Trolio also cites that virtual students do not have the same built-in time off from school that in-person students have, making it more difficult to take time off from schoolwork.

By Madelyn Mulryan

“It’s harder because if you go on vacation you still have to do that work, so it’s not like you can just take a break,” Troilo said. “I don’t get breaks on weekends. I still have work, regardless if I get it done or not. If I do it ahead of time then I don’t have work on weekends, but I don’t really get fall break or winter break or spring break.”

Despite the many differences, participation in clubs and activities is one thing that virtual students can still do just like their in-person peers. Donelly is still a member of the Grace Notes, so she attends in-person class for choir.

“It’s kind of weird walking around school without a backpack,” Donnelly said. “But I just go in through the front office and I wait until the bell rings and then I just walk around like I’ve been there all day.”

One of virtual school’s greatest drawbacks is the isolation that can come from working from home constantly, according to both Donnelly and Troilo. To improve this, Donnelly would propose creating small ways for students to socialize.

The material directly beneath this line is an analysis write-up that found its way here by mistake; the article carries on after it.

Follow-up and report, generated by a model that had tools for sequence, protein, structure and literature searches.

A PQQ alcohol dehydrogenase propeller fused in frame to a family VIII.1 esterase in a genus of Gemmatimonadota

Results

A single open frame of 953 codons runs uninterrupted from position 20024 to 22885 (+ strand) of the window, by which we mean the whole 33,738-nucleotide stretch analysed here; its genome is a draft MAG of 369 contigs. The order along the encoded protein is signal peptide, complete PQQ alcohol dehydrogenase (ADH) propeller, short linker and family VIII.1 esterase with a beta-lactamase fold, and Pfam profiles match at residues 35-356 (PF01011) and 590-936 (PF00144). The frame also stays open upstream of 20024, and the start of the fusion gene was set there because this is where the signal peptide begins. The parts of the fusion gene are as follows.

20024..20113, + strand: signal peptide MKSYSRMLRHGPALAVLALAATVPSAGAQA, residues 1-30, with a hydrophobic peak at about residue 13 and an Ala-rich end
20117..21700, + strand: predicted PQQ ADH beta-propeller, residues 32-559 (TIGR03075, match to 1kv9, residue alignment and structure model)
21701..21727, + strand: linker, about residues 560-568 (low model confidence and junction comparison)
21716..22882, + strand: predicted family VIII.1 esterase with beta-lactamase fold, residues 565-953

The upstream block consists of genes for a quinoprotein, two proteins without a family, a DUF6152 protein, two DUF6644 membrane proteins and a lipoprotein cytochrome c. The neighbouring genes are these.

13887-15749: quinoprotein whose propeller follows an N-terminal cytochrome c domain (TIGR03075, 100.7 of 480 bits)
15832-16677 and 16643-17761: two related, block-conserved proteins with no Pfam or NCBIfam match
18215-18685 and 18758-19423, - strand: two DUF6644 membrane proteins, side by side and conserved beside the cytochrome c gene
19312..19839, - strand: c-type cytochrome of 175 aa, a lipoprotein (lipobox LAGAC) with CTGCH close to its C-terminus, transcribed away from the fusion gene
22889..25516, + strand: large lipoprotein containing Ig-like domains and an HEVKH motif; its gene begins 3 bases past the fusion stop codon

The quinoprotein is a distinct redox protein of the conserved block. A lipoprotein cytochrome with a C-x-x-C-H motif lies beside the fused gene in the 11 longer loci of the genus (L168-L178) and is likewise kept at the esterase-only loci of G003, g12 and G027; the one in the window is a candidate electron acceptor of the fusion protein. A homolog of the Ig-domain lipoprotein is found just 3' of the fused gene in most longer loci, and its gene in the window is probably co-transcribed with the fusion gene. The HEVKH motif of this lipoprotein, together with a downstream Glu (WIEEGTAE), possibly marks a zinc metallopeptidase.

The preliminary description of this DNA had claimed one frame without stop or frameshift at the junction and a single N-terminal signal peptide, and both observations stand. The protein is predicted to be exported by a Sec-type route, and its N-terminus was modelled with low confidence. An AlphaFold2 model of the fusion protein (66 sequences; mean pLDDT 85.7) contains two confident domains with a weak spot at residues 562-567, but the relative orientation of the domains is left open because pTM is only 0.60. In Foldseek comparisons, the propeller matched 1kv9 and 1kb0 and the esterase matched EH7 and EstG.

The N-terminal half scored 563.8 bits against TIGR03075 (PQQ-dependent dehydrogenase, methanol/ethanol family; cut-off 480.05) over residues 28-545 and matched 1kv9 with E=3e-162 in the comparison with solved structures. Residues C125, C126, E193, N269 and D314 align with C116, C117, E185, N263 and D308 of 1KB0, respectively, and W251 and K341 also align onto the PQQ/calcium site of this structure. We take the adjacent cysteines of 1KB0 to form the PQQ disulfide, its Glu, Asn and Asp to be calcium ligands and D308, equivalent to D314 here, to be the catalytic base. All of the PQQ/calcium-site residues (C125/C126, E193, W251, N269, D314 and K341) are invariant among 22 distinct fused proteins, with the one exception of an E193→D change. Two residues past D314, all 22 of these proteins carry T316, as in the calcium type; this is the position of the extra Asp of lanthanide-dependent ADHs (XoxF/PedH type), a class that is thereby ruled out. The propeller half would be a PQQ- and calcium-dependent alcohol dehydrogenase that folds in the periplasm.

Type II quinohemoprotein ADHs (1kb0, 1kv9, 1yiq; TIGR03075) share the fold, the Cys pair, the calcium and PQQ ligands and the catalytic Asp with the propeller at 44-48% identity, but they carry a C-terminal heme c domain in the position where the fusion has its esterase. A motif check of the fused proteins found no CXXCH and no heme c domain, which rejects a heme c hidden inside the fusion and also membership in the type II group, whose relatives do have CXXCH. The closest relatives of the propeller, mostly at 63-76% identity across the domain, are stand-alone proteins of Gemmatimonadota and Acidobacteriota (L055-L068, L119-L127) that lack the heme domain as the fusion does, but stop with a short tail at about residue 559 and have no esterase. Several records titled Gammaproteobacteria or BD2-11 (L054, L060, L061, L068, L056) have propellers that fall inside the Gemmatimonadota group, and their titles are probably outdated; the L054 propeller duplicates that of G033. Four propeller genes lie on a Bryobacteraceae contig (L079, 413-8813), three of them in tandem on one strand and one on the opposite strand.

“I feel like I’d make a little group where you can meet up once in a while to get help so you can be with people every once in a while,” Donnelly said.

Ultimately, Troilo likes the stress-free environment of virtual school and believes it has benefited her learning.

“When I’m online, I get to take my time doing things,” Troilo said. “I don’t have to rush. It’s just less stressful for me. I can just solely learn and not have to worry about anything else.”

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About the Contributors
Emma Clement, JagWire editor-in-chief, Mill Valley News editor-in-chief
This is senior Emma Clement’s third year on the JagWire staff. This year she is JagWire and Mill Valley News editor-in-chief, in addition to being a writer and designer for the newspaper. When she is not working on journalism, Emma enjoys reading, drawing, painting, watching TV shows and spending time with friends and family. She is also involved at Mill Valley as NHS president, Spanish NHS vice president, Youth for Refugees president, Model UN president, NAHS vice president and is a member of NEHS, Scholar’s Bowl and Women’s Empowerment Club. Outside of school, Emma works at Pinnacle Gymnastics as a gymnastics coach and is on the editorial board for elementia, the Johnson County Library’s teen literary magazine.
Ian Chern, JagWire copy editor
This is junior Ian Chern’s second year on the JagWire staff. This year he is taking up the role of copy editor along with writer and photographer. Outside of school, Ian enjoys watching sports, listening to music, playing basketball and soccer, volunteering at food banks and spending time with friends and family. He is also a member of NHS, Science Olympiad and likes to participate in Relay for Life.
Madelyn Mulryan, JagWire reporter/photographer
This is sophomore Madelyn Mulryan’s first year on the JagWire staff. She is exploring all roles for newspaper but especially writing. She enjoys reading, listening to music, spending quality time with friends and binge-watching shows. Maddie is involved in Youth for Refugees, Women’s Empowerment, Model UN and Debate. She is excited to make this year of newspaper great!